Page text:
Websites vs Web Apps

Welcome to the debate about the core experience of internet browsing: websites and web-based applications. The dilemma of whether to choose a website or a web app is becoming increasingly difficult to resolve thanks to the modern interactive nature of the web development process.

People often confuse web applications for websites and vice versa. But why? They both run in browsers, are integrated with the devices they use, and require an internet connection to function. Interactivity is not limited to apps, as websites also use it and confuse end-users alike. While it may not matter to lay people, if you’re looking for a solution for your business, this interactivity is crucial. The process of creating a web application and website involves different development strategies, design, and time.

If you’re having trouble grasping the difference and you’re looking for an online service for your business, read on, because we’re delving into the key differences between web applications and websites to help you see your options and learn what differentiates various types of web content.


Websites play a vital role in internet navigation. Access to government portals and the healthcare system, educational sites where you can learn and find academic resources, social media, galleries, news sites, and e-commerce pages are likely websites. Until relatively recently, all pages on the web were static websites.

But more specifically, a website is a compilation of content that appears on multiple web pages with the same domain. Users use a web browser to consume information and find the data they need. In the past, they were defined by static, non-interactive material that did not update dynamically and did not allow for responses. Today, however, web developers are also creating dynamic websites that are more like applications and are dynamic in nature and features. 

Both types of websites serve their purpose, as diverse businesses from accounting firms to podcasts need different types of websites. In terms of technology, most websites use HTML, CSS, and JavaScript.

More complicated, dynamic websites use databases and other computer languages to support back-end contact with users.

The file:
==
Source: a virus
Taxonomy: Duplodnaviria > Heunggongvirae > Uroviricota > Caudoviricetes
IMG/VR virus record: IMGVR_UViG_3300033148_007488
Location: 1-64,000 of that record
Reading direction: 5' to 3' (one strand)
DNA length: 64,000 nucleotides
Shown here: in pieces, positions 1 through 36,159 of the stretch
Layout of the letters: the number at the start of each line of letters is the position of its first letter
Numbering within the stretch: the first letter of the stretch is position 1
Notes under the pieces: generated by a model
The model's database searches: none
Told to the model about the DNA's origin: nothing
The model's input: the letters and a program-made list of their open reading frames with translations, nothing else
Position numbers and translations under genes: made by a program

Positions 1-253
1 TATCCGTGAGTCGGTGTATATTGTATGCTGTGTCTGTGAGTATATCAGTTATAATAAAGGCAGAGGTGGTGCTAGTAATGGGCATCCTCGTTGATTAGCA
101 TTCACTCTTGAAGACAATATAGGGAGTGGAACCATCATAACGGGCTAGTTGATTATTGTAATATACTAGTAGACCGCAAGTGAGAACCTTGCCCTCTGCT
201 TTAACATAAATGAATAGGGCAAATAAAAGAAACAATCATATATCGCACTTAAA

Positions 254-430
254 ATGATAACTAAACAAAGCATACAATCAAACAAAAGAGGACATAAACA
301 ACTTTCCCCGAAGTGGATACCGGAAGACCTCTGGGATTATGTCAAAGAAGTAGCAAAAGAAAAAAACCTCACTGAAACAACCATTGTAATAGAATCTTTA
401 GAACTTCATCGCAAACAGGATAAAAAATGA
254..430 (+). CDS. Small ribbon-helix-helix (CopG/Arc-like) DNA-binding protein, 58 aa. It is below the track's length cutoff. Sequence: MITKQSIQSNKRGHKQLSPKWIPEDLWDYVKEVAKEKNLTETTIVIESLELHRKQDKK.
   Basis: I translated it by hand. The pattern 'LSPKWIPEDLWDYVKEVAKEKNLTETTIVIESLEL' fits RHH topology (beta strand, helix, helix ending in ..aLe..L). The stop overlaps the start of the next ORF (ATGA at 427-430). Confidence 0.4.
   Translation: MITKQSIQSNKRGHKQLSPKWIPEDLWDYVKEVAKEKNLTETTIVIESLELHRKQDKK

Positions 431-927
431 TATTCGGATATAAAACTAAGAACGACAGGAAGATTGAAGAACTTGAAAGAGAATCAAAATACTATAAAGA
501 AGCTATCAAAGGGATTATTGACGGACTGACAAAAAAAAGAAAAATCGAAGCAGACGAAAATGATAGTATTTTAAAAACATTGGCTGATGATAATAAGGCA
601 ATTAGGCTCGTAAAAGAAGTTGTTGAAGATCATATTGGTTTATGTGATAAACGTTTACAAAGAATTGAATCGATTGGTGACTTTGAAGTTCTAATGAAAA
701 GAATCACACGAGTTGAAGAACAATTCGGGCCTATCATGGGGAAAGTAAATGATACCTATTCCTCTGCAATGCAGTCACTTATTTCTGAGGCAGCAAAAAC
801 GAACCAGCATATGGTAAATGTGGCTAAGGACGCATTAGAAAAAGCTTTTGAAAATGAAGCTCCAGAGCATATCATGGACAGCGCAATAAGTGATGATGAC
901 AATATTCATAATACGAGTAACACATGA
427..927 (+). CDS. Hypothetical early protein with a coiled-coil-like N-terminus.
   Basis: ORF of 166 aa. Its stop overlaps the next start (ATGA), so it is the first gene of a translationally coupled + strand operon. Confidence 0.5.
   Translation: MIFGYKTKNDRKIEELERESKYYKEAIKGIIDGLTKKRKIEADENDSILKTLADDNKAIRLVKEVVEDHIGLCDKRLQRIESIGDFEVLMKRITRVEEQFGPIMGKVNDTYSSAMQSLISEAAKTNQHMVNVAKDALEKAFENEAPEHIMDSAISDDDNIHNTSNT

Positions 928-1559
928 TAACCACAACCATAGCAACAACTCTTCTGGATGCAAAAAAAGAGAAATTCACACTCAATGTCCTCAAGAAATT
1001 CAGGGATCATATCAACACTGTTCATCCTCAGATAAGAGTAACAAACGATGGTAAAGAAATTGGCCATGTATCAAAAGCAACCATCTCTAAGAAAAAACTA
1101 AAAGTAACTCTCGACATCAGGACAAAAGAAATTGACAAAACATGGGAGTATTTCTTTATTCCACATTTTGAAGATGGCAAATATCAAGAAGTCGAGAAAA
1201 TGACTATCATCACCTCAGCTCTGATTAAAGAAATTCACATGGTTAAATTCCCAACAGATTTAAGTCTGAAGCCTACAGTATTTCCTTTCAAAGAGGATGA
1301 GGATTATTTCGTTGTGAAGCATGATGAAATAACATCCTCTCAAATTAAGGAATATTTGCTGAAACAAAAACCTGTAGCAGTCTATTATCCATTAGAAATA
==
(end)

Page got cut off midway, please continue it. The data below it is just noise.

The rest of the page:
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Examples of effective websites:

This commercial illustration and production agency presents their graphic offerings with an original and diverse drawing style in a fresh and engaging way. You can easily navigate through the website and access examples of their work as well as art offerings such as animations, videos, logos, and storyboards. It’s immediately clear how to navigate and what they want you to do – browse their portfolio and contact them for inquiries

HR scheduling tool Kin has a much more contemporary design feel, but largely serves the same purpose. Kin uses a screen of a scheduler that you can imagine how you’ll use the tool. With compelling content, a suggestion, and a free trial button, clients can quickly locate the solution or product they want.

Pros and cons of a business website 


One of the most important reasons why you’d want to create a website is that it can help you get the word out about your business and expand your customer base. A solid and well-designed website for your business builds trust and credibility. 

If properly optimized for search engine optimization, it may attract more customers, help you meet your goals, and allow you to reach a new audience. It’s also a great way to showcase your products and services, like a portfolio that you can access at any time.

Potential customers can visit your website at any time of day and from any location. They can also place orders for products, find the site FAQ, or contact you via a chatbot even outside of business hours.


A contact form on your website can attract a large number of unsolicited spam emails from bot traffic or other malicious actors. Sorting information and finding relevant customers or business offers takes time and effort on the part of employees.

Websites also lack a complicated interaction feature, which could discourage younger people from using the service. Also, if a consumer has an unpleasant experience on your website, they may post negative reviews about your business. If a potential customer sees such reviews, they may decide against your services or to go with a competitor. Reputation and customer base could suffer in the long run. 

Web-based applications

Web applications are dynamic software programs that people can access through a web browser and that aim to keep users engaged. There is no need to download web apps. You access them through a URL, similar to web pages. Web apps respond to the user’s requests to the web server and are often connected to a database in the back end.